Let me make a “pitch” (pun intended) for Black sports agents. Watching the NBA playoffs and finals was more than an exercise in pulling for my favorite teams; it was also a very frustrating experience for me because I tend to look at most things from an economic perspective.
While Black athletes dominate football and basketball, and have a major presence in baseball, relatively few of them hire Black attorneys, accountants, and agents, thereby, putting as much as 5 percent of their contract amount into someone else’s economy.
For years now, we have seen this intriguing phenomenon. In 1995, Black Enterprise magazine ran an article titled “MVPs,” that shed light on this subject R. David Ware, noted for negotiating the largest non-quarterback (Barry Sanders) contract in the NFL, voiced his frustration about the situation this way: “It is so disheartening that so few African Americans are given the opportunity to represent African American players… they wear Kente cloth and talk about pride in their heritage, but when it comes to business affairs, they don’t use African American lawyers, agents, or accountants.”
You would think African American college graduates would know better. But, in my opinion, they lack a consciousness that would have them act otherwise, and many have virtually no knowledge, or interest for that matter, in Black business history and the role they play in this nation’s economic system. They are noted more for their shoe, soft drink, and fast food commercials, rather than their commitments to conscious capitalism. They have become fashion icons instead of paragons of Black empowerment. My suggestion to one of my students who played basketball at the University of Cincinnati was to develop a relationship with a fellow student who was majoring in finance, law, or business, and hire that person as an agent when he turned professional.
Let me pause here and say, I am not using a broad brush to paint all Black athletes (and entertainers). I know many of them are doing very positive things when it comes to supporting African American business persons and causes. In addition, far be it from me to dictate to anyone how to spend their money. So, please, as you read this, just take it as a recommendation for economic empowerment for Black people.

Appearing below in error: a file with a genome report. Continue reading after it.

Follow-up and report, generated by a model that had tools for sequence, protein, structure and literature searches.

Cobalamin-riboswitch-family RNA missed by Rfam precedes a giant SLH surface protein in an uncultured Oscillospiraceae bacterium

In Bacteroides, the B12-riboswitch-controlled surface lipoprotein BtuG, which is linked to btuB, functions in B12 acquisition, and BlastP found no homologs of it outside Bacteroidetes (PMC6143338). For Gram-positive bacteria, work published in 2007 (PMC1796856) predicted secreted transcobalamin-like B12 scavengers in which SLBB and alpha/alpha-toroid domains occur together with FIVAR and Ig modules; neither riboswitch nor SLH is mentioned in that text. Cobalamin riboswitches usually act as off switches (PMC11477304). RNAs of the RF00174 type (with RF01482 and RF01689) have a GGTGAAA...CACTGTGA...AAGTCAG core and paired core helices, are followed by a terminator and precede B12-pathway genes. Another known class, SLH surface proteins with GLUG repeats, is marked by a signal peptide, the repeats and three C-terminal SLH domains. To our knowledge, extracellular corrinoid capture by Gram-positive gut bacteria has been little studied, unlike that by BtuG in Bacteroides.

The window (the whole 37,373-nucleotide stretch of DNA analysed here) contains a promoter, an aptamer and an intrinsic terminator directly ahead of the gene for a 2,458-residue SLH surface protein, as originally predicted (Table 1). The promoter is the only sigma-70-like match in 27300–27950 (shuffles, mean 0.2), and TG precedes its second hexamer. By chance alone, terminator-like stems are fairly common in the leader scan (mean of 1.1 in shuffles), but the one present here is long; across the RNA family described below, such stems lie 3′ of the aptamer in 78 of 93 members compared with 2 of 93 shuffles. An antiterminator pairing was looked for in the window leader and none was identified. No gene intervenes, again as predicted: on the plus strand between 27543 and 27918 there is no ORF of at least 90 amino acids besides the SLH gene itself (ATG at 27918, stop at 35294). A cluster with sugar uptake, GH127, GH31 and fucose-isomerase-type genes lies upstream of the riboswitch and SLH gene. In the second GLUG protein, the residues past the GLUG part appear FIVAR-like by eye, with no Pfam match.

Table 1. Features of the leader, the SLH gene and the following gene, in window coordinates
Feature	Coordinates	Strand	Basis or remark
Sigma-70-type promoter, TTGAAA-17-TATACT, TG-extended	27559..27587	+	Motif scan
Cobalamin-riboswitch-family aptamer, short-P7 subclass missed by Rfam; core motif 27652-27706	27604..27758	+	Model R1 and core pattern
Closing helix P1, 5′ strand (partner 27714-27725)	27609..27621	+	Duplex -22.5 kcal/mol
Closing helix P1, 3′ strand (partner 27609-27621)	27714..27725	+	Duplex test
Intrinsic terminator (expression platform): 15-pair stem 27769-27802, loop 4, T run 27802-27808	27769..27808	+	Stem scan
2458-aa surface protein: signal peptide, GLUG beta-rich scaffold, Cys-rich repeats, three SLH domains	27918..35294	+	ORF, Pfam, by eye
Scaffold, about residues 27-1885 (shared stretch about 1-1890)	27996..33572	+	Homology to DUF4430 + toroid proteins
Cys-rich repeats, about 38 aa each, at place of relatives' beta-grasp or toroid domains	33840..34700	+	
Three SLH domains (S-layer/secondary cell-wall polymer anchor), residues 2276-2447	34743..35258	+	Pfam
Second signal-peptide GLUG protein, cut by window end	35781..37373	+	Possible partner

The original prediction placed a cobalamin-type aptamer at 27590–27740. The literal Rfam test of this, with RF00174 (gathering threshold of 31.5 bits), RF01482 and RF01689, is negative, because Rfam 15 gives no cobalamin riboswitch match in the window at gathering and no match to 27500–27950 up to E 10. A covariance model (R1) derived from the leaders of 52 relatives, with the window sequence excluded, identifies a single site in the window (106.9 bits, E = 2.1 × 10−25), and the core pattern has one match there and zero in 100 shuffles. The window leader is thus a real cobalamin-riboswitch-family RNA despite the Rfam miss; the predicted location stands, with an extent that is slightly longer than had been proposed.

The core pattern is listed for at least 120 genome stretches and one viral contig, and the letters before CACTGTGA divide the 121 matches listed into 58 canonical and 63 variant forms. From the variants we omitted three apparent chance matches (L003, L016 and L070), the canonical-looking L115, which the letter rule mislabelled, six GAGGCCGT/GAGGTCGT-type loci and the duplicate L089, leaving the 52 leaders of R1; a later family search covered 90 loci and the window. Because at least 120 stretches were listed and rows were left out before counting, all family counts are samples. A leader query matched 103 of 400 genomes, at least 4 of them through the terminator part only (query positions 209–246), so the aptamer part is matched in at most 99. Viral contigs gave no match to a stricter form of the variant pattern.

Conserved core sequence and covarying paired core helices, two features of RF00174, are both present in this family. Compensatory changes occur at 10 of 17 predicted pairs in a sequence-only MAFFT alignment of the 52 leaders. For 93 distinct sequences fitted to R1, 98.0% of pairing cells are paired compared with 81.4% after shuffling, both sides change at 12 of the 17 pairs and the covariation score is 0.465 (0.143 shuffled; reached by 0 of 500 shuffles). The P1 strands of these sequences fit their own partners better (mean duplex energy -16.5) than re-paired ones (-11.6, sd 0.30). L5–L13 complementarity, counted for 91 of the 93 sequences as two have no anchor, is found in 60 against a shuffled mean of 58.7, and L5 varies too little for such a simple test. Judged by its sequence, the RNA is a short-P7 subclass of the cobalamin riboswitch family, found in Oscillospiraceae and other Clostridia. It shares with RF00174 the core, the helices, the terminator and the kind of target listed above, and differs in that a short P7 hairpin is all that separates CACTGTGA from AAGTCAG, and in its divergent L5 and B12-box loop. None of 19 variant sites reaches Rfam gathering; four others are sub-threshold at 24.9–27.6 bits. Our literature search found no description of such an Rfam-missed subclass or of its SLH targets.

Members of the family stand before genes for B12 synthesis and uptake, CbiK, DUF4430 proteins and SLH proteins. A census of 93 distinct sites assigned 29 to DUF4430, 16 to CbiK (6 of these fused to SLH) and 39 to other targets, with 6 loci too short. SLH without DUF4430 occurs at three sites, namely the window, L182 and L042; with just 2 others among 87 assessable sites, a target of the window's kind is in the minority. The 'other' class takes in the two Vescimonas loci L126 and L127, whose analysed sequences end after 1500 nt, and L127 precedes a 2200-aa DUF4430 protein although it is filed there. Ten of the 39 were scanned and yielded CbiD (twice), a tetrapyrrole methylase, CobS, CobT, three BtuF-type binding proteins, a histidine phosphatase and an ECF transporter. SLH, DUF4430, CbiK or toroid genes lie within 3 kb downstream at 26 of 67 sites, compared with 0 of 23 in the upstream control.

There are too many Black athletes who refuse to hire other African Americans. Considering how much money these guys earn, if they used Black professionals, it would have a huge effect on the African American economy. Imagine how many Black real estate agents could earn commissions on the mansions purchased and sold by Black athletes. It makes no sense for us to keep crying over what we do not have, while we are steadily giving what we do have away to others.
As our young boys and girls are practicing their sport of choice, they should also spend some time learning how to practice collective economics. It is one thing to have millions of dollars, but knowing what to do and not to do with that money is far more important. Just ask Allen Iverson, Kenny Anderson, and Antoine Walker. Twenty year-olds need good advice on how to spend and invest millions of dollars. And they must be exposed to the fact that Black professionals can provide that advice. The Jerry Maguire’s of the business must get up every morning and thank their lucky stars for Black athletes.
I read a magazine article about one of our mega-millionaire ball players buying 22 pairs of shoes from a famous store that many Black athletes patronize. Of course, the store is not Black-owned, but what else is new? Anyway, the shoes cost $16,000. Throw in about 10 suits for a couple of grand each, and multiply that by 30 other Black professional athletes who frequent the store, and you’re talking about a serious positive cash flow. You know how we like to look good. Unfortunately, other groups know it much better than we do – and they sure do take advantage of it. They make it; we buy it – no matter how it looks.
I know there are competent White agents out there, but as Ware said in the article, “It’s no longer a question of ability, but one of opportunity.” Some White agents were crying foul when more African Americans got into the game. In a television special, a White agent accused Black agents of “playing the race card” to get Black athletes to sign with them. He suggested Black athletes should select their agents and others who work for them solely on the basis of talent. Ironically, he was asking for a “level playing field.”
If Asian athletes comprised 70 percent of NBA players, we would see nearly 70 percent Asian agents. A similar scenario would prevail if there were a majority of Jewish or Hispanic players. Why are we accused of playing the race card when we suggest African American athletes hire Black agents? (I wonder how many White athletes are represented by Black agents.) If we play it right, one day not only will we win the game, we win the championship.
Jim Clingman, founder of the Greater Cincinnati African American Chamber of Commerce, is the nation’s most prolific writer on economic empowerment for Black people. He is an adjunct professor at the University of Cincinnati and can be reached through his Web site, blackonomics.com.